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TOOLS FOR BUILDING TRUST WITH BUYERS
Chances are good that your buyer's first encounter with you will be by way of coming across one of your listings; and you have, as they say, only one chance to make a good first impression. If building more of yourself into your descriptions isn't overly appealing to you - don't we have enough to do already? - I'd ask you to at least consider what a huge difference even an extra moment or two could make in elevating you above your competitors. If you haven't ventured out as a buyer lately, you might be surprised at how bad it's gotten - how ineffectually your competitors introduce themselves.
Example: Let's say that you've decided to go hunting for inventory on Amazon - for an early, perhaps 1936 printing of Gone with the Wind,. Either from experience or reading the Gold Edition you know that, if you can get your hands on any 1936 printing in reasonably good condition for a few bucks, you can probably score $50 and up (usually up, up, etc.) on eBay, and more if it has a dust jacket. How difficult a process do you think this will be? If you've attempted to purchase collectible fiction on Amazon before, you already know that you're in for an adventure. The process will be nearly impossible, even though there may well be multiple copies available that meet your criteria. Hidden copies, that is.
To begin with, if you conduct a search for the title (and specify the author, hardcover format, and a publication date before January, 1937), dozens of separate catalog entries are returned, many with more than one offering from buyers. Here's a promising entry on the first page:
Gone with the Wind (June, 1936) (Hardcover)
With prices starting (at the time of this writing) at $2.68, surely we can find some possibilities here. Clicking in, I'm presented with the following fifteen descriptions on the first page:
So - of the 15 potential copies, only two appear to be ca. 1936 trade editions, despite the fact that all appear under the umbrella of a catalog listing which suggests a 1936 printing - and both of these appear to be in very poor condition. I've wasted my time looking.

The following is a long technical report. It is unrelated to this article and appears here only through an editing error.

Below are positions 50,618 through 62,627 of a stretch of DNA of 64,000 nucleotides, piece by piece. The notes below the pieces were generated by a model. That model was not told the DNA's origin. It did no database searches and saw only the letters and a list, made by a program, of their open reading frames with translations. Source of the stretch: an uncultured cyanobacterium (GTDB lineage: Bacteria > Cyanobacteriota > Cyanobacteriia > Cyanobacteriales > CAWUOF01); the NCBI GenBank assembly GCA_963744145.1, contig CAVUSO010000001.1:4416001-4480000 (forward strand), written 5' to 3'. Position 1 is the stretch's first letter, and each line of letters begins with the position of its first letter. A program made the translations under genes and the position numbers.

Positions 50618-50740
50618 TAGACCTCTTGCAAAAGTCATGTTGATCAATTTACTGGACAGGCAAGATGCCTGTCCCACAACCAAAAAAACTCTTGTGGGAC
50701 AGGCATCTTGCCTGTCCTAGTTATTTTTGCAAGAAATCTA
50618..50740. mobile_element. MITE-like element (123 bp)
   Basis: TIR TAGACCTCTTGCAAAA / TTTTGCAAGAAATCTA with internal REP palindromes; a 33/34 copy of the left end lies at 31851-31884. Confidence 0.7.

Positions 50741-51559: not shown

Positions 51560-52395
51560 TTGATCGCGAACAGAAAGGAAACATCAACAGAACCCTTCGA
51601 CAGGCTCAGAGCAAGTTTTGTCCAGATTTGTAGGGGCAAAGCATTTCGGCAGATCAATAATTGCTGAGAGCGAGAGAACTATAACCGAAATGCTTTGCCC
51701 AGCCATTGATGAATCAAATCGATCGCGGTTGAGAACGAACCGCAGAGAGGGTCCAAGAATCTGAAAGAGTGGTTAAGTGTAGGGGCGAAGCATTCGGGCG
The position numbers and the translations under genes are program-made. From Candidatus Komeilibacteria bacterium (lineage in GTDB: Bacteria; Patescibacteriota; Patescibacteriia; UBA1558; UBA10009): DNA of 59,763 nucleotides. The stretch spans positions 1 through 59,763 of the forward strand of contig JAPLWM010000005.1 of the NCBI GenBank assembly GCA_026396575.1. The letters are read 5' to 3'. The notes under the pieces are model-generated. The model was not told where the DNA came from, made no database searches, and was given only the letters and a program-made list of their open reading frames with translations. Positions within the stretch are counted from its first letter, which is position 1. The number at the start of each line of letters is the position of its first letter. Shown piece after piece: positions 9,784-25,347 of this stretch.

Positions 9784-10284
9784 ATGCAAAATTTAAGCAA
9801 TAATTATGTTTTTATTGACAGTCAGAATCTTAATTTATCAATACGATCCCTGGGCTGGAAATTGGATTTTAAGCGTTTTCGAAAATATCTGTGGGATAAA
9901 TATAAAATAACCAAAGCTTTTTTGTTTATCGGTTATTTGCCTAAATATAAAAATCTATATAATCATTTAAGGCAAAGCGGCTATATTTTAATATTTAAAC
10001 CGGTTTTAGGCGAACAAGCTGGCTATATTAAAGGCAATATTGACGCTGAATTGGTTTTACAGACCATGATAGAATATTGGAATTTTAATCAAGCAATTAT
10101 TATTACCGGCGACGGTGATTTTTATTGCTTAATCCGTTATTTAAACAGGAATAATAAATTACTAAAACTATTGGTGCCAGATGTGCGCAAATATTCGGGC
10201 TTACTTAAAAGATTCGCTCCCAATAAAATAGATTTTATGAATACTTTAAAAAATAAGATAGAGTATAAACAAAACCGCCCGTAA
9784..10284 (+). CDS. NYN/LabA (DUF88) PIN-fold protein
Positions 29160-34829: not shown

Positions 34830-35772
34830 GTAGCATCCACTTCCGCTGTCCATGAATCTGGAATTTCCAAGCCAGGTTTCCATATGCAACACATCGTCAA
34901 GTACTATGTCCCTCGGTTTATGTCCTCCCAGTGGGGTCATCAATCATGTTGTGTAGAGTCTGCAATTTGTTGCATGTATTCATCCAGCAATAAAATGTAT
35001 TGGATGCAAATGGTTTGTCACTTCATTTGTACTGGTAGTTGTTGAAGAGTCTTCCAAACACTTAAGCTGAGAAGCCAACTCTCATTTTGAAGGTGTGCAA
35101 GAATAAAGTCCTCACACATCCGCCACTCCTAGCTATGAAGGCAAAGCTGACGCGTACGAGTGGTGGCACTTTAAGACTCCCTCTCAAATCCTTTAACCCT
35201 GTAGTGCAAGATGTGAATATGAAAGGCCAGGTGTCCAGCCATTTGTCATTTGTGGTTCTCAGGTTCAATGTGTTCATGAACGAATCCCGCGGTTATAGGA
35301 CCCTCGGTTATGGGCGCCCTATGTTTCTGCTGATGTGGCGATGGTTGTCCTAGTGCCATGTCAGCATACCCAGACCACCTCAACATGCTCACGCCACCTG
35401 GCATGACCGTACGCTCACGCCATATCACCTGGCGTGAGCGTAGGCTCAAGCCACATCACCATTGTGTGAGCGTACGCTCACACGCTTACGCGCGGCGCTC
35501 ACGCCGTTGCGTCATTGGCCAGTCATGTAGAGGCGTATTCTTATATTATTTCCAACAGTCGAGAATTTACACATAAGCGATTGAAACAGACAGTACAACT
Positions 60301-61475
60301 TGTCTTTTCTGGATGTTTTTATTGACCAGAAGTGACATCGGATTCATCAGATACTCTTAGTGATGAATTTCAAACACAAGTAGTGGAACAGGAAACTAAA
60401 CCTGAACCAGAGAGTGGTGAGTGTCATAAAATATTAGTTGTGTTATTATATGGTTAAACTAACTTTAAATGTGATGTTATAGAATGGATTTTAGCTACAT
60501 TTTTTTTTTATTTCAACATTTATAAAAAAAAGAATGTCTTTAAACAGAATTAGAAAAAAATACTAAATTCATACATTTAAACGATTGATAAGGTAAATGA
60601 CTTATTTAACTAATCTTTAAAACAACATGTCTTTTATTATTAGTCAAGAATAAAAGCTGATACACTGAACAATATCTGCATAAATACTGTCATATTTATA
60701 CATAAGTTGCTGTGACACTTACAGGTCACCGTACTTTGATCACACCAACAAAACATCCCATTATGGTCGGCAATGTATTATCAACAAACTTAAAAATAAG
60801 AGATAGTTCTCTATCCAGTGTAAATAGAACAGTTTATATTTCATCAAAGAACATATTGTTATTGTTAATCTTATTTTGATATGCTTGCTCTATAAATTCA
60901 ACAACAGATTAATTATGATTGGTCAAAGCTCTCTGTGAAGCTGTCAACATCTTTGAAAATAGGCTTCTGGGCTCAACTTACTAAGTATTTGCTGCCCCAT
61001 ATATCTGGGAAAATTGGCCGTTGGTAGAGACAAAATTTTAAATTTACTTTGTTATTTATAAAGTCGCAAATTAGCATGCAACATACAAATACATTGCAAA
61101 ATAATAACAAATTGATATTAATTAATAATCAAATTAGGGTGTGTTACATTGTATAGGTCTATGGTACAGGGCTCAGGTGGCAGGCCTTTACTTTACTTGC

But here's the most important thing to take away from this example: This frustrating result is typical of the state of online bookselling today. Go to any major venue and try the same thing. I guarantee that you'll be hard put to find what you're looking for, and, even if you do, condition may not be fairly represented.
And yet, think about this for a moment. Is this as seemingly dire for your own business as you think it is? No doubt there will be some buyers who will be so put off by their experience that they'll simply stop looking on Amazon and never return. But some will keep looking, and somebody will inevitably come across one of your listings - and buy it. They'll buy it because it shines, because you've taken a few more moments of your time and done what any reasonably competent bookseller should do: You've described your book with a clear, positive statement that communicates what it actually is.
I realize that almost none of us have much time to burn on descriptions, but I'm going to list what I think - ideally, if time permits, and realizing that some books require more attention than others - should be included. The closer you can come to including all of them, the more you'll stand apart from your competitors, and the more likely, other things being equal, you'll make the sale and they won't.
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